The obvious advantage to employing a virtual law firm is the same as for any Internet purchase. The convenience results in savings of both time and money – two things everybody can use. Why bother making an appointment and wasting gas and your afternoon by driving into the city to see an attorney? You can enjoy the same advantages of online shopping – 24 hour per day, seven days per week access – by using an online lawyer. You don’t have to miss time at work or sacrifice your weekend.

Of course, if you don’t need any advice or a review of your legal documents, you can simply get the desired legal forms to handle your estate planning on your own. Then, if you find yourself in a bind, you can always ask for assistance or a review of your document. The advice you need is only an email or phone call away.

The virtual law firm is an idea whose time has come. By working online, the attorney fees are lowered but the end-result remains the same – a legally sound document. Online attorneys are regulated by their State Bar. They’re required to follow the same rules as any other attorney in your state. Plus virtual law firms use SSL, the most robust, safest method of transmitting private information online. That guarantees a secure transmission of your personal data.

Unless you have a friendship with your local lawyer, the benefits of using a virtual law firm for your legal needs should be apparent. You can save time and money thanks to the convenience of their 24/7 service. An online attorney can help you make sure your will, power of attorney, deed or living trust is completed properly so it may be executed according to your wishes.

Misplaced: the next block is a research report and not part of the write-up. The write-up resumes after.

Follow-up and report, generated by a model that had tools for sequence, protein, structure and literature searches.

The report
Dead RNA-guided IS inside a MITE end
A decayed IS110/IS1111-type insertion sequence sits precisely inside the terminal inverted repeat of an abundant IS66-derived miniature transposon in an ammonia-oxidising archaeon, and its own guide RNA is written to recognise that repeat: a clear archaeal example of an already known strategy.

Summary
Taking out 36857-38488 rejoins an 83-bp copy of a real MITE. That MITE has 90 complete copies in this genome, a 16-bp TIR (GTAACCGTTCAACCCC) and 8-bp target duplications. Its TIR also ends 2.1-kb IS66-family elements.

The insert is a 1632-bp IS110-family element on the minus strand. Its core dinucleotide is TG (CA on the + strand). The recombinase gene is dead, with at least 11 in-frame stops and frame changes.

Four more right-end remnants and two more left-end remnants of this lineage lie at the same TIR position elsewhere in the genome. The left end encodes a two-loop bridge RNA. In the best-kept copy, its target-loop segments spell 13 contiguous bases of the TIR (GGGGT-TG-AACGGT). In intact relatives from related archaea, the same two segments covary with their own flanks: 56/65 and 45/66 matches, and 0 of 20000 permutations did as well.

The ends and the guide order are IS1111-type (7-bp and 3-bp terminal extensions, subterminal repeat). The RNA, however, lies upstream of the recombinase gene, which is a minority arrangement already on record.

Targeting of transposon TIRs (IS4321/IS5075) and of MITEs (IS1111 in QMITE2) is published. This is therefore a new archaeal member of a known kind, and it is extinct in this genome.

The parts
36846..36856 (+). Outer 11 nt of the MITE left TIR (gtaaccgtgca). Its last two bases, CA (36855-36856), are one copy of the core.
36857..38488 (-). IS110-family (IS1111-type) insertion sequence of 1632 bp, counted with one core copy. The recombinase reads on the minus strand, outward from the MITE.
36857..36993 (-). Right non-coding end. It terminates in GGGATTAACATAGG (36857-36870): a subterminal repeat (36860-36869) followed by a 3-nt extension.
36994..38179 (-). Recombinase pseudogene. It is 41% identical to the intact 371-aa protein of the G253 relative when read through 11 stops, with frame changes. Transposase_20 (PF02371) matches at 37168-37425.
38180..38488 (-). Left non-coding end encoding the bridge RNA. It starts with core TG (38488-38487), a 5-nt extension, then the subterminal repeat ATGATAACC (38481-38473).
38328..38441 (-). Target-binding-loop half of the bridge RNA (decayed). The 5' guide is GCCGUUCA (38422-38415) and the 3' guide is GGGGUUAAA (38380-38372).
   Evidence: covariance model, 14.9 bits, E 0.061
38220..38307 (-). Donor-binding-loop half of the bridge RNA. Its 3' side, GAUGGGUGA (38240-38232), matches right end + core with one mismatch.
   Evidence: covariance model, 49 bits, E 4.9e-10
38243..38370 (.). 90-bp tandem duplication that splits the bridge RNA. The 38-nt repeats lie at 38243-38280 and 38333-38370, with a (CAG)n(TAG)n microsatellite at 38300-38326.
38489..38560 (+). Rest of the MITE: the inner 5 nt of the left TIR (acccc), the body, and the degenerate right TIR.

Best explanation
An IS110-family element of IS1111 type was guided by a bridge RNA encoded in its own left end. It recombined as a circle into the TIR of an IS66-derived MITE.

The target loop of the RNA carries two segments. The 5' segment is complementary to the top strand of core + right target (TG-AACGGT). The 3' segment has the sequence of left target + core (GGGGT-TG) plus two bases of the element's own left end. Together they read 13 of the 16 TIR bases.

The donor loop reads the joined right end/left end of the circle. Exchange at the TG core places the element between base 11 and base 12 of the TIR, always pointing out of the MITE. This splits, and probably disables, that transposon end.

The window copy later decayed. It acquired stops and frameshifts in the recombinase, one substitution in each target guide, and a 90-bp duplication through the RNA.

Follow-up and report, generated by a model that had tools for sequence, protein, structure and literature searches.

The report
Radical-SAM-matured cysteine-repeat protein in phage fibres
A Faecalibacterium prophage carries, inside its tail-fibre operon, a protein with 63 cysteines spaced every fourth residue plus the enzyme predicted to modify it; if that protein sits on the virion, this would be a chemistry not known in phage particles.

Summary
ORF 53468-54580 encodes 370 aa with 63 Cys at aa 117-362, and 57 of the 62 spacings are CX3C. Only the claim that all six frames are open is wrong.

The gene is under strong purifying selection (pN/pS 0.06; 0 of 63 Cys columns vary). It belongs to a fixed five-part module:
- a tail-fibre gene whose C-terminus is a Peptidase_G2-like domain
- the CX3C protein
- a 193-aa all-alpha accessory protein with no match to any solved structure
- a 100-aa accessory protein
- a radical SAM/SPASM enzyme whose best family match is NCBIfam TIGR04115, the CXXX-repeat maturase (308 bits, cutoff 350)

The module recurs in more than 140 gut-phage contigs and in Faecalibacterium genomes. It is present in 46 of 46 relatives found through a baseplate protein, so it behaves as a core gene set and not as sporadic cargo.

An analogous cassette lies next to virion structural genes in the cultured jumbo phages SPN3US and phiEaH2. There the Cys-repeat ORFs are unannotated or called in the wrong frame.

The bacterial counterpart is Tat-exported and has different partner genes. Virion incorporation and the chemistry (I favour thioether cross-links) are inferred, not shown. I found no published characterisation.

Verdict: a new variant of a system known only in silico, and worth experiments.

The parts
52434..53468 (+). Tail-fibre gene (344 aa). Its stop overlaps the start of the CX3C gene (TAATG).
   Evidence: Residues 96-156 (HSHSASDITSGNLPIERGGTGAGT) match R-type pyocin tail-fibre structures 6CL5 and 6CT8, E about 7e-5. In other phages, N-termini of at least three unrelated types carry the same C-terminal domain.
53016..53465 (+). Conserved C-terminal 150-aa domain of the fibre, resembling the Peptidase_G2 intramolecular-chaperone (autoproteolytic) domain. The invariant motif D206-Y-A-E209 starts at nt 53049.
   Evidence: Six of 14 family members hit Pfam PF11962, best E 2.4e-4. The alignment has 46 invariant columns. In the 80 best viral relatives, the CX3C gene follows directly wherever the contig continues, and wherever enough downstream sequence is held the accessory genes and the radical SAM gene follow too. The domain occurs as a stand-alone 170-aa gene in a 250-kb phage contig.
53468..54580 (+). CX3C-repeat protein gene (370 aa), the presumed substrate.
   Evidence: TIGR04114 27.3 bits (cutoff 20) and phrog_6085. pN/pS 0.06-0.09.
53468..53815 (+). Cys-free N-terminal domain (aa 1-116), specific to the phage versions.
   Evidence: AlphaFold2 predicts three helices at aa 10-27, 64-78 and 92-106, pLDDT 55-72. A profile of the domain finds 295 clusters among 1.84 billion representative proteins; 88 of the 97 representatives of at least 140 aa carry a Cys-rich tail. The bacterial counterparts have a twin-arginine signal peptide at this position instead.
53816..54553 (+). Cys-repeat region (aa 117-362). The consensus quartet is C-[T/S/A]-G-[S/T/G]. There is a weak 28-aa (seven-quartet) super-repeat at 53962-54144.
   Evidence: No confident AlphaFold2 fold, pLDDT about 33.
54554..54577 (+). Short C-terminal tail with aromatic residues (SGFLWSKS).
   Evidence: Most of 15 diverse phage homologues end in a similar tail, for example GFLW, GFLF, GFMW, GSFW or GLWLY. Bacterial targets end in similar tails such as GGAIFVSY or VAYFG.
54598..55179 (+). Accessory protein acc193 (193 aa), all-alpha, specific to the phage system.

Estate planning is incredibly important. Why take a chance when you can have access to your own virtual law firm? If you’re already planning on buying legal documents online, step up and buy them from a virtual law firm. You’ll get value added to your purchase – the value of the expert advice of an online attorney.

Factors in Setting Law Firm Goals and Objectives

Factors in setting law firm goals and objectives are different from objectives and goals for any commercial or industrial enterprise. This is so because of the difference in the nature of the services rendered by the two. There are certain characteristics of law firms, other than the well-known differences between industrial enterprises and professional organizations, which can be set and defined to come up with a model for the organization. Basically, the process of planning and setting goals involves building a model to serve as the development guide for the firm and determination of the way to achieve the goals and the time it will take. There are a number of characteristics of a model which are the factors that affect setting of goals and objectives in a law firm. Throughout this article, the various factors that affect the setting up of goals and objectives in a law firm will be discussed.

Size

According to many lawyers, size is the status in the legal community, prestigious clients, the ability to handle more interesting as well as complex legal work and stability. In most case, these are accompanied by other characteristics like minimal opportunity for significant participation in management, impersonal atmosphere; need to follow the policies and procedures that are already in place and little direct contact with clients which are not attractive to some lawyers. Generally, lawyers in larger firms earn more as compared to those in smaller firms. This is because the large firms attract the large corporate clientele who pay higher rates. As a result, if the model objective is to be a considerably larger firm than the current firm size, a top notch litigation department should be emphasized.

Ownership